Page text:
Evading efficiency arguments is what sociology is good at

Why is sociology so affraid of efficiency arguments?

After re-reading this great old piece …

Oberschall, Anthony, and Eric M. Leifer. 1986. “Efficiency and Social Institutions: Uses and Misuses of Economic Reasoning in Sociology.” Annual Review of Sociology 12:233-253.

… I was reminded that sociology has made something of a history of explicitly avoiding extant arguments regarding efficiency.

Marx, for example, rejected efficiency and emphasized exploitation of labor by the bourgeoisie. Given Marx’s economic theory of value and labor, exploitation was the only way to get more value than was invested by fairly paid labor (e.g., the wage from six hours a day is enough to feed and clothe a family of four for a day; however, without the means of production workers might work eight hours per day rather than six for the same wage since they have no bargaining power). Thus, the creation of surplus (i.e., profit). However, a falling rate of profit was expected as capitalists competed with each other in hopes of attracting more and more laborers, which ultimately cut into profit margins. Enter machines. The primary problem, however, for Marx was that machines could bring no real efficiency or profit; machines are incapable of producing profit (or only for a short time) because all competitors will soon have them. At this point, each capitalist is back to “square one.” Simlutaneously, the price of machines goes up and the price of products goes down. Thus, profit has to fall and efficiency is lost (however, according to contemporary economics: profits fall within the business cycle, but not across cycles, showing some flaw in Marx’s thinking). Still, as it happens, “Machinery and improved organization provide … [enhanced efficiency] too, because they increase the productivity of labor” (p. 42, Collins and Makowsky 1998).

Also writing at a time of great scientific and industrial progress, Durkheim, in contradiction to rationalists, finds “society … a ritual order, a collective conscience founded on the emotional rhythms of human interactions” (p. 102, Collins and Makowsky 1998). Even though specialization (in the form of organic solidary) hold society together (despite the loss of mechanical solidarity), efficiency seems to play a lowly role in Durkheim’s models of integration.

Weber seems the closest for allowing efficiency some room to breath. Still, above efficiency was his deep-seeded concern over organizational stability. The organization of groups stabilized through strong personal ties (patrimonialism) or by setting rules (bureaucracy), which follows broadly from Tönnies (Gemeinschaft and Gesellschaft, respectively). Domestic or personalistic organizations, like that of a family estate, wherein close friends and family members made-up the bulk of enterprise employees and related services (be they war, trading, tax collecting, etc.). Of course,  personalistic forms of organization are not easy to control and seemingly inefficient (as compared to, for instance, a bureaucracy). The organization of communications is poor—what starts as a direct order at the top chain of command ends up a rumor, a whisper, or nothing at the bottom rungs. Under certain circumstances, innovation is ignored or resisted falling back on tradition—doing as was done the last time or as far back as can be remembered for sake of personal ease and safety from criticism from above. Authority from the top dissipated over time as their top assistants grew in power and potentially ceded.The bureaucracy would fix all that by establishing rules and regulations to guide individual behavior even in the absense of authoritative oversight. While bureaucracy can be interpreted as an efficiency argument, Weber’s focus on cultural underpinnings of groups like Protestants as shaping historical achievements along with his works on Judaism, China, India, etc., the library of work leads me to believe that culture, rather than efficiency, was the root of his arguments.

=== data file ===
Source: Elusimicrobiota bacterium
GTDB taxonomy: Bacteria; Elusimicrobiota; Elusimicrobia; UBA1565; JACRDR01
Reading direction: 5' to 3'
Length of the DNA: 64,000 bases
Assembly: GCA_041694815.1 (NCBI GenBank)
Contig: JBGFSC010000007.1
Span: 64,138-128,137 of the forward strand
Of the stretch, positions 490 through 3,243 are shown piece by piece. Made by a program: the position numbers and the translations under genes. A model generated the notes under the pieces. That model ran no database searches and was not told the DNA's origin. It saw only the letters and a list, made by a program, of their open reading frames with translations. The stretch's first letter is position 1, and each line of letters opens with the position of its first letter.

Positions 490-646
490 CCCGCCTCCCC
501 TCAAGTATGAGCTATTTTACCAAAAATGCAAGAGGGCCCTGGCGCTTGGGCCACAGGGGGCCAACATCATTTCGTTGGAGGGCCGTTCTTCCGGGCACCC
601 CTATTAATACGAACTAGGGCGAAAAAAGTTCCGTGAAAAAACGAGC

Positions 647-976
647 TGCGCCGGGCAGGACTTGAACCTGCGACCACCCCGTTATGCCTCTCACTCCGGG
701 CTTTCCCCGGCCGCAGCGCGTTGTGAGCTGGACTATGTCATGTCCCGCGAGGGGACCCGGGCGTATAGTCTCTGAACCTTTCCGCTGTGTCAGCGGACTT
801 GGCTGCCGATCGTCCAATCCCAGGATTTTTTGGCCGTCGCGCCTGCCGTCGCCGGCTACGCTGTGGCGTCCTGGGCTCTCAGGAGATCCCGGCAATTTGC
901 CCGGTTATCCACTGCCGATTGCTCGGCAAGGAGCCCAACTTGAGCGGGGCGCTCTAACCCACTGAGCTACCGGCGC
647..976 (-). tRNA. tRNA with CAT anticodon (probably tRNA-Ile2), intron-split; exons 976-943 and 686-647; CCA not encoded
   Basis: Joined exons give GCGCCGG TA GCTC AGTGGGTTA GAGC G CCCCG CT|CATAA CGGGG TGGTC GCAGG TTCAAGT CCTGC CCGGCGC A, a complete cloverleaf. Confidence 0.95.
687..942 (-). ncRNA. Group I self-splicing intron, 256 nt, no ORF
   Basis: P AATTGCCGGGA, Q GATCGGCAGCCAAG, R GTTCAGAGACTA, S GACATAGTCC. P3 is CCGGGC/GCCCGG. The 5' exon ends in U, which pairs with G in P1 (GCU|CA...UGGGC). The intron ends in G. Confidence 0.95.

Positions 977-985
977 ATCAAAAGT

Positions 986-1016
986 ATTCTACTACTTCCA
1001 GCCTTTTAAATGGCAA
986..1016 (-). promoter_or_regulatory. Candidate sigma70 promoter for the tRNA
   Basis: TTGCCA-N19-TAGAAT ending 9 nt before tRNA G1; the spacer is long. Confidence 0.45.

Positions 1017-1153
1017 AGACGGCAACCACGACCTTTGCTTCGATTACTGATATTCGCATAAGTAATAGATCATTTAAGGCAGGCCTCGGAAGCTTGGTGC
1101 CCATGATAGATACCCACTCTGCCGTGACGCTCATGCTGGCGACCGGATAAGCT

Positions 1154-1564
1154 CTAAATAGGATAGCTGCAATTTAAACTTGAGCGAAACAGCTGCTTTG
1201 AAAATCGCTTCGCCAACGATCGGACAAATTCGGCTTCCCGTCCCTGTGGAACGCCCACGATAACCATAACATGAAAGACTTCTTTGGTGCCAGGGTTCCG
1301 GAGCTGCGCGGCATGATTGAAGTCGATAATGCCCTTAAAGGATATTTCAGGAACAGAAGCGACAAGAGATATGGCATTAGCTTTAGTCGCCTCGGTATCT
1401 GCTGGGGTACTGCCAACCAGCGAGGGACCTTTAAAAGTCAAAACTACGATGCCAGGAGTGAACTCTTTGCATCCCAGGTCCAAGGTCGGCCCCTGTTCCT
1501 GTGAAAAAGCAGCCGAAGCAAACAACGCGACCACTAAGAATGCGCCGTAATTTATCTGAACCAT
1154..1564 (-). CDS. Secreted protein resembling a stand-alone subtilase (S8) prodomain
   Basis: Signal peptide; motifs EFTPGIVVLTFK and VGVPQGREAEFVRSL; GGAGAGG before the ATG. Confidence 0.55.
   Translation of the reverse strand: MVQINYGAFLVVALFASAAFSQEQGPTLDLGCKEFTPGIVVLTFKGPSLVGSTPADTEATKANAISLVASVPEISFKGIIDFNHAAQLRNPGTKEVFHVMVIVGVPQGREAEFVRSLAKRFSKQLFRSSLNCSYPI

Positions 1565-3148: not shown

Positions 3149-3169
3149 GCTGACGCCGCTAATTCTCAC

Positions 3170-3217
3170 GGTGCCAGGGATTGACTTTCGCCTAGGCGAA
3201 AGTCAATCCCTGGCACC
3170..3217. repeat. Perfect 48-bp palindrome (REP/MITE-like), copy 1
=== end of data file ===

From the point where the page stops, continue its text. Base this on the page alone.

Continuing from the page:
There are no doubt many more — certainly the old functionalists like Selznick and Merton (who showed the disfunctions of bureaucracy) would fit right in…

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This entry was posted in STS, Uncategorized and tagged , by Nicholas. Bookmark the permalink.

About Nicholas

Associate Professor of Sociology, Environmental Studies, and Science and Technology Studies at Penn State, Nicholas mainly writes about understanding the scientific study of states and, thus, it is namely about state theory. Given his training in sociology and STS, he takes a decidedly STS-oriented approach to state theory and issues of governance.

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